Brazilian dating traditions
Temperature varies with altitude, averaging over 86 degrees Fahrenheit (30 degrees Celsius) in the coastal lowlands, but only 64 degrees Fahrenheit (18 degrees Celsius) at the higher elevations.The Atlantic zone receives trade winds and has high rainfall year-round.The drop in birth rates was attributed to rising female literacy, to a decline in the proportion of the population working in agriculture, and to increased access to family planning.Despite the influential Catholic Church's opposition to contraception, in 1990, 86 percent of sexually active women of childbearing age used birth control. Spanish is the official language, but the variant spoken has features particular to Costa Rica.Natives with "golden mirrors around their necks" told of "many places . Costa Ricans are called ticos, which derives from their appending the Spanish -ico diminutive to the standard -ito. Costa Rica is located in Central America with Nicaragua to its north and Panama to its south.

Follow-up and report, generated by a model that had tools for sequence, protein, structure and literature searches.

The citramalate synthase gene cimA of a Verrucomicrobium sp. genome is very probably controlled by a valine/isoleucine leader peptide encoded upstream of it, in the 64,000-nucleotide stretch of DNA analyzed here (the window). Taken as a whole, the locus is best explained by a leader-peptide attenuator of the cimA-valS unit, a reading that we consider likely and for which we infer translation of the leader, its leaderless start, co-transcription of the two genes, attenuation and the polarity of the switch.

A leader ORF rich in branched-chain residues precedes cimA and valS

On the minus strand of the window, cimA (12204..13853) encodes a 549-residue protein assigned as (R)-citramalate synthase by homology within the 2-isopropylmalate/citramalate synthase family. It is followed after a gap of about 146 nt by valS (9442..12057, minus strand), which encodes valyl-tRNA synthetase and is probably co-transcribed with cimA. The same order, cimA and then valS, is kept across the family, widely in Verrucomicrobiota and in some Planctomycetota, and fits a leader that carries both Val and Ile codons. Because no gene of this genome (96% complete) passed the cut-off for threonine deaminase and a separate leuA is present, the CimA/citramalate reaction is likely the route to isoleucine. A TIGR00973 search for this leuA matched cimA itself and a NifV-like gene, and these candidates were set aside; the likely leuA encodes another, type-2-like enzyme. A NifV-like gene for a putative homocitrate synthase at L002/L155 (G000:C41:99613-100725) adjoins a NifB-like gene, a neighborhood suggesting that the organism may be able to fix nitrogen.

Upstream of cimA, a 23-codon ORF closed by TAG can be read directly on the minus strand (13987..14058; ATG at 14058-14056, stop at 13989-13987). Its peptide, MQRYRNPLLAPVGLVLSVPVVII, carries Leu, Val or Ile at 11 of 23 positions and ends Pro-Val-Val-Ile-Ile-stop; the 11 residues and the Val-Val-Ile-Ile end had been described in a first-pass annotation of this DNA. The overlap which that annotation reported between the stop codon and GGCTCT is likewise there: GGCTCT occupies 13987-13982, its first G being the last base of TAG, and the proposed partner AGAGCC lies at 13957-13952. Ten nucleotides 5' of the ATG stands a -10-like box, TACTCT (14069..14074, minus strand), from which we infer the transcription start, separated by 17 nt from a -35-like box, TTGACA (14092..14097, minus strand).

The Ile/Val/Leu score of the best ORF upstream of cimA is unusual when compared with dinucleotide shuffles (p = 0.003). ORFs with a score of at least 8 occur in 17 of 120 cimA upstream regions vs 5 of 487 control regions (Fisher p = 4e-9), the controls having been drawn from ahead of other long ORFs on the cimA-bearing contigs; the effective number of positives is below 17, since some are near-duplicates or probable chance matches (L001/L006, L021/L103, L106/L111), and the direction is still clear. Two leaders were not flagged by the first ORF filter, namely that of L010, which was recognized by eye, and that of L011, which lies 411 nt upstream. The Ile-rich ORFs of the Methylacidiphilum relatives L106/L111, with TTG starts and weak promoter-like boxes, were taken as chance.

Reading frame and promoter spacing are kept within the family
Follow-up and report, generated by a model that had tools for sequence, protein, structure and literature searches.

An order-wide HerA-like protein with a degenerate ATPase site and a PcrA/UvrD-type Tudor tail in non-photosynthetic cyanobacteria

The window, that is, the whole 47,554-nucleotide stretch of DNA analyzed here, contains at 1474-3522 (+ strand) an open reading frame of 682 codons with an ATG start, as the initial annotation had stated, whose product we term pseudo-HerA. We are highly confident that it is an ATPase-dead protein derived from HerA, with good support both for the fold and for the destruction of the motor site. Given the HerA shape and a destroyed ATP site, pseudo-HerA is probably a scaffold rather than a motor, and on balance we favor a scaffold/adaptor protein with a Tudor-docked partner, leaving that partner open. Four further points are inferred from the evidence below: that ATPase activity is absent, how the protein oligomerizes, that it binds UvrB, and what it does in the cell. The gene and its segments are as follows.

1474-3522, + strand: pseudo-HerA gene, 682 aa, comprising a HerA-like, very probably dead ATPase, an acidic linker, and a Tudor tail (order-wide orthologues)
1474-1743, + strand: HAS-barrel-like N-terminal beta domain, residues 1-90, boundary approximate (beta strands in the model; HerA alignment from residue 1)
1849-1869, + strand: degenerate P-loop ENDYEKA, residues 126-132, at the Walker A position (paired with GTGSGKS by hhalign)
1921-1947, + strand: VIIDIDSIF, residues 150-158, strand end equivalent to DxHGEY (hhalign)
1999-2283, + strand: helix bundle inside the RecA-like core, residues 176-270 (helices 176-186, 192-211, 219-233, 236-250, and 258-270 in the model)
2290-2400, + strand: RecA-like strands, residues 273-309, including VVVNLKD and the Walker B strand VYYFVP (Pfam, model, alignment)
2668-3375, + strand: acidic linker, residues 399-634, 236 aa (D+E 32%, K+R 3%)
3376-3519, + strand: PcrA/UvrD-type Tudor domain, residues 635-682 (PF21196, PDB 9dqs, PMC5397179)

They are Hispanic in culture and language, though their pronunciation resembles Nicaraguan more than central Costa Rican Spanish.On the Atlantic coast, however, descendants of Caribbean immigrants speak English, as do many others throughout the country who learned it to better their employment prospects. The national flag, a partial imitation of the French tricolor, consists of blue horizontal stripes on the top and bottom of the flag and two white inner stripes divided by a wide red stripe, which contains the national coat of arms to the left of center.Aside from the flag and religious icons, important symbols include flags of the major political parties (green and white for the National Liberation Party; red and blue for the Social Christians) and of the most popular soccer teams. Costa Rica gained independence from Spain as part of the Mexican Empire (1821–1823) and the Central American Federation (1823–1838).Concentrated in Limón Province, Afro-Costa Ricans—the descendants of Jamaican and other British West Indians who immigrated in the nineteenth century for work on the Atlantic Railroad, plantations, and docks—are more widely perceived as "black." (These Afro-Costa Ricans are part of an English-speaking Protestant group extending along the entire Caribbean coast of Central America.) Blacks—denied Costa Rican nationality until 1948—were blocked by law and discrimination from working elsewhere, so Limón remained culturally distinct until the mid-twentieth century.On the Atlantic side of the Talamanca mountains, the Bribri and Cabécar—the largest indigenous groups—speak related languages and share a culture that varies only slightly from one locality to another, depending on the degree of contact with Hispanic society.